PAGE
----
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Heavy Rains Lead To Flash Flooding In Eastern Nebraska

Severe thunderstorms struck eastern Nebraska Saturday, bringing torrential rains and flash flooding to the region.
Severe thunderstorms struck eastern Nebraska Saturday, bringing torrential rains and flash flooding to the region.

Torrential rains drenched eastern Nebraska Saturday night, leading to flash flooding in Omaha that flooded businesses, stranded drivers and left thousands without power.

Thunderstorms were accompanied by 60 mph winds and quarter-sized hail.

Water rushed through the streets of downtown and midtown, the Omaha World-Herald reported, damaging roads and leaving dozens of motorists stranded.

Some 18,000 residents were left without power at the storm's peak Saturday. The Omaha Public Power District said crews worked throughout the night to restore services to customers, but 165 customers were still without power as of Sunday evening.

Residents posted video of the flooding on social media:

The National Weather Service reported parts of Omaha received an estimated 3 inches of rain, but some surrounding areas may have received nearly double that. And while the severe weather storm has passed, residents and motorists are advised to stay home and off the roads.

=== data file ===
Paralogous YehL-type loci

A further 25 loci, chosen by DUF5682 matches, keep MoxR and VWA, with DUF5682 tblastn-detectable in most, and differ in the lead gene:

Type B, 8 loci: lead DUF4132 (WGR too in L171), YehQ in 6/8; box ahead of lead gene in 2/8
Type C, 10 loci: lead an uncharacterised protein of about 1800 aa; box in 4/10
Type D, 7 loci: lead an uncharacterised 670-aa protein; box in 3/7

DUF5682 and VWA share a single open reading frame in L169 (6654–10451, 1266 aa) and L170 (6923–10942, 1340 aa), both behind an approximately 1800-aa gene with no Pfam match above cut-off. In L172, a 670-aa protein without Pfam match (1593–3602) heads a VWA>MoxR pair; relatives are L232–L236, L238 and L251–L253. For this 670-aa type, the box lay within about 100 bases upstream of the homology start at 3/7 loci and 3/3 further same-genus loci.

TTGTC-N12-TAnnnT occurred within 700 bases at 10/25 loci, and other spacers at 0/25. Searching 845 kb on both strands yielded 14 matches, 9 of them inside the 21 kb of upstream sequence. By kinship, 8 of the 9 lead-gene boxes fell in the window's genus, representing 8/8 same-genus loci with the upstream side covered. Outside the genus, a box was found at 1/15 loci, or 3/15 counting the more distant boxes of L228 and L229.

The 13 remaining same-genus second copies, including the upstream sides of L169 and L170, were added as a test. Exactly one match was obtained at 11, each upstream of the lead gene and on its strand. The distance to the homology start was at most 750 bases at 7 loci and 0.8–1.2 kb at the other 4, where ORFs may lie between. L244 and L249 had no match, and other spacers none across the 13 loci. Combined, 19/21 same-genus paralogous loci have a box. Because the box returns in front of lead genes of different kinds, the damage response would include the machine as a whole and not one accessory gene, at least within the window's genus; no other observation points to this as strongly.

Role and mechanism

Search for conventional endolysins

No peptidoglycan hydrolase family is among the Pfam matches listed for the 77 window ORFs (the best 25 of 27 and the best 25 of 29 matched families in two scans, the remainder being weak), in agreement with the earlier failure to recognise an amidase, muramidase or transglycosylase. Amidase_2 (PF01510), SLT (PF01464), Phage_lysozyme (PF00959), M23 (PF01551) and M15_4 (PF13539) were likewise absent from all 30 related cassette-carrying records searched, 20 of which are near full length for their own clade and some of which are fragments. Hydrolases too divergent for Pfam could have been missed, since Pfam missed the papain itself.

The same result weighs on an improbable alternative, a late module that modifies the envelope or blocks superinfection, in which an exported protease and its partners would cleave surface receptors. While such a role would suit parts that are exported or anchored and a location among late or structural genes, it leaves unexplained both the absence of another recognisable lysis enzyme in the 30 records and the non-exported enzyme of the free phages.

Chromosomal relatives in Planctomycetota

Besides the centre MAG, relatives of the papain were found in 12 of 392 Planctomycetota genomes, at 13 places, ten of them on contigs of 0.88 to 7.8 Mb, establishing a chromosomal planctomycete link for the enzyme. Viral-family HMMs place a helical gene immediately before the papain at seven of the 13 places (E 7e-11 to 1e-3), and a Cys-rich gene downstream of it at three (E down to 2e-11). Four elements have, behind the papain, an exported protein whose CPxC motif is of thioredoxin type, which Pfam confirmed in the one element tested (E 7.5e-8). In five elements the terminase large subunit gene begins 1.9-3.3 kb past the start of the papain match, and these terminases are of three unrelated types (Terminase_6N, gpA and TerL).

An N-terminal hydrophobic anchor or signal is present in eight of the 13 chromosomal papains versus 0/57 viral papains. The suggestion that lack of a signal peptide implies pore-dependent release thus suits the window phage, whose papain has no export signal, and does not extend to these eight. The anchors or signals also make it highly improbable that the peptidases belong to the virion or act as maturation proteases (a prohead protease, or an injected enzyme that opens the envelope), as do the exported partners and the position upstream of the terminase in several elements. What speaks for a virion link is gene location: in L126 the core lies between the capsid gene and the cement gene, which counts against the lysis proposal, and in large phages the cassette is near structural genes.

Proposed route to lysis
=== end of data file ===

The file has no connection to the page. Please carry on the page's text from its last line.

Some local businesses said they would be closed as they assess and clean up flood damage.

The Omaha Police Department warned residents of missing manhole covers, debris in roadways and standing water over Twitter. No deaths or major injuries were reported as of Sunday.

The rains have stopped and the skies have cleared, but the city may not have long to recover before the next storm hits. The NWS is forecasting temperatures in the mid-to-high 90s Monday, which could bring another round of severe storms.

The city was battered by severe weather just over a month ago. The storm brought high winds with gusts as high as 100 mph and left about 188,000 customers without power, the largest outage in 13 years, The Associated Press reported.

Extreme weather events such as flooding are expected to become more frequent and severe as a result of climate change.

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